The deacons perform some church services and minister to the sick.

“Their work is very important in terms of reconciling the problems of the communities,” said the Rev. Raul Orlando Lomeli, a Chiapas priest. The deacons, he said, are local men steeped in the region’s indigenous culture and who speak the native language, which in this town is Tzotzil.

Many here are wondering what the new pope’s position on deacons will be and if he will address the shortage of priests by allowing them to marry or permit women to join the priesthood.

Lomeli said there are many expectations: “Some people want lay people to play a more important role, especially women. Some people are questioning whether the celibacy vows should be obligatory and some people would like to see the deacons be promoted more. Some felt that under John Paul II, the policies didn’t correspond to the current situation of the church.”

Guadalupe Hernandez, wife of the injured mason Gonzalez, was also raised Catholic and attended the church in the town square, with its vaulted ceilings and ornate altar decorated with candles and fresh carnations.

Even after she saw how the new evangelical church had helped her husband, she said, she did not want to leave the Catholic church that was so familiar. Besides, some relatives were upset that her husband had left the church of their ancestors.

But now, she also attends the little wooden church. On Sunday, she entered her new church, pulled the blue and green shawl that she had embroidered over her head and prayed, searching for a rare moment of solitude after caring for her two youngest daughters, ages 3 and 4.

Hernandez, who lives in a one-room shack with a concrete floor and an open fireplace for a stove, said she had nothing negative to say about the Catholic Church. Rather, she said, she found more help in her new church when she became violently ill three months ago. She said it was an evangelical pastor who came to stay with her until her stomach pains passed.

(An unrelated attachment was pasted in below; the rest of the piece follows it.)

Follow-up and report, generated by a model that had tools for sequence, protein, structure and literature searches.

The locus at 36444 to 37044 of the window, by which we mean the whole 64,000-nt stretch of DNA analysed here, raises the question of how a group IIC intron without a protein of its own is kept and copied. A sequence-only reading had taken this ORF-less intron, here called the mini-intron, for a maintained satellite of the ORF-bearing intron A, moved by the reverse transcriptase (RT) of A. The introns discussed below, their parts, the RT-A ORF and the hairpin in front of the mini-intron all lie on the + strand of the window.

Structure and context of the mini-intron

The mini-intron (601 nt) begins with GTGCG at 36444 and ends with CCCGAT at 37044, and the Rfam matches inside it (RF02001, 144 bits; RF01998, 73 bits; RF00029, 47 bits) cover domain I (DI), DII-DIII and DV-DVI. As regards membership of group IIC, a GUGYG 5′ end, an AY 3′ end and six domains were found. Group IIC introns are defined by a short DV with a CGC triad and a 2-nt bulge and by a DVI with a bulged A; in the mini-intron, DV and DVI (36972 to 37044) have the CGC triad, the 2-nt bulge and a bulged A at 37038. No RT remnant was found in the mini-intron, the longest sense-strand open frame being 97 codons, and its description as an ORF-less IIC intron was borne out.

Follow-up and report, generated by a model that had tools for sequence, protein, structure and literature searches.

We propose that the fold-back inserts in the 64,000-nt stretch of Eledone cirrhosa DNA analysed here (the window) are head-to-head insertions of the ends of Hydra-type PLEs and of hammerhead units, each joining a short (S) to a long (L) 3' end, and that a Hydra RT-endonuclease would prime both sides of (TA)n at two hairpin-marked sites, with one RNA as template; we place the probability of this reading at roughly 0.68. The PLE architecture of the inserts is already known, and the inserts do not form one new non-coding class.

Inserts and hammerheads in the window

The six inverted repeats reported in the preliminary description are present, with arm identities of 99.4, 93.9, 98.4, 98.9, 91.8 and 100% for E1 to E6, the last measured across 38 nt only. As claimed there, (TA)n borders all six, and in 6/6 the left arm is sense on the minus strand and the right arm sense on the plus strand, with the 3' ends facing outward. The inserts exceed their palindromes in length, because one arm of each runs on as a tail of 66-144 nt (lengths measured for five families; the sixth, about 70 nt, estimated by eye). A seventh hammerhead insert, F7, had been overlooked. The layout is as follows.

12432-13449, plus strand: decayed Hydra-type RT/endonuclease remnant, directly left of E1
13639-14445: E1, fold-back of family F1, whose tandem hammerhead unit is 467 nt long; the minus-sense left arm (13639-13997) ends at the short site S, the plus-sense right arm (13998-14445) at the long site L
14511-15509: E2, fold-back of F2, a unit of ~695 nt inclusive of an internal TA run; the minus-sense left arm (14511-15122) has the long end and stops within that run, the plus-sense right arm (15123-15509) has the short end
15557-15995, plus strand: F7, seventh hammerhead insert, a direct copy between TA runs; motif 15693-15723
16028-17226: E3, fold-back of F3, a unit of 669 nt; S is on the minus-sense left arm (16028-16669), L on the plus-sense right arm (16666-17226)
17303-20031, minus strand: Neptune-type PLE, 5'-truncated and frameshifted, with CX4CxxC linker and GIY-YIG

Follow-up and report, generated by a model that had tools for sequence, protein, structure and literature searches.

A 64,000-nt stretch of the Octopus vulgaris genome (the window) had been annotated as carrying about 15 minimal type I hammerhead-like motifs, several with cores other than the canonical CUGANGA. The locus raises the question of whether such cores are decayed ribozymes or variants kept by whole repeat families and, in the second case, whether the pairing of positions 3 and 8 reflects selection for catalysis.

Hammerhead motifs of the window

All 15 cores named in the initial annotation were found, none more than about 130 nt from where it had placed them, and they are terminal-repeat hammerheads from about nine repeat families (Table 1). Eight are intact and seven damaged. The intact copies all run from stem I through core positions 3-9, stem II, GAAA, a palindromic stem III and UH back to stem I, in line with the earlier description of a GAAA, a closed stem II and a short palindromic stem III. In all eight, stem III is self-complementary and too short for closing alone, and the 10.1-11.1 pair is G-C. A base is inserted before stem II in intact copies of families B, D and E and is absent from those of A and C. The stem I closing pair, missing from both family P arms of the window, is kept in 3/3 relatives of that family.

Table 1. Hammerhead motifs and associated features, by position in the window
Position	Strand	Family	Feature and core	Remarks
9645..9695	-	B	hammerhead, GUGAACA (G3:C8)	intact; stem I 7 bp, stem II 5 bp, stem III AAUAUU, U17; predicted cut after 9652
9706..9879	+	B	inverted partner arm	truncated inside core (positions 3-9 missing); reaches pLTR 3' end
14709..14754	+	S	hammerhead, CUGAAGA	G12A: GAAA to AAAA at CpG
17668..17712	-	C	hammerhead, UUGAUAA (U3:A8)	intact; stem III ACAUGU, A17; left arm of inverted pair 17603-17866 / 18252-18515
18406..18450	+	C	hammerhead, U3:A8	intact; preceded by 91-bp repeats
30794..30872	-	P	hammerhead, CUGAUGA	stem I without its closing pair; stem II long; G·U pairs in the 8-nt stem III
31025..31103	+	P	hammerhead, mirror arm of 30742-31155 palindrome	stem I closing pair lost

Mariano de la Cruz Gonzalez is one of the two pastors who administer to the 100 people in Gonzalez’s Protestant congregation, Church of Christ. He said the church is winning over Catholics because it offers a more direct connection to people and a more relevant message tailored to their needs. In this village, that message is: The drinking must stop!

Though Zinacantan is known to outsiders mostly for its colorful embroidered shawls, those who live here say the town is largely defined by what it lacks: jobs and a way out of poverty. Many idle men spend much of the day drinking; on a recent morning, a middle-aged man stumbled around near the town square, a bottle of the clear “firewater” clenched in his hand.

De la Cruz does not have the long years of formal education that Roman Catholic priests do. But he lives with his wife in the community and speaks Tzotzil. And Gonzalez said the important thing for him is that “I can go to his house whenever I want to. I can talk to him whenever I need to.”

In Gonzalez’s new church this past Sunday, most of the people in its pews were former Catholics. At San Lorenzo, the grand Catholic church on the town square, there was no Mass on Sunday. The priest was conducting services elsewhere.

Researcher Bart Beeson contributed to this report.

The Washington Post – Religion Section

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The Washington Post, USA
Apr. 5, 2005
Mary Jordan, Washington Post Foreign Service

Religion News Blog posted this on Tuesday April 5, 2005.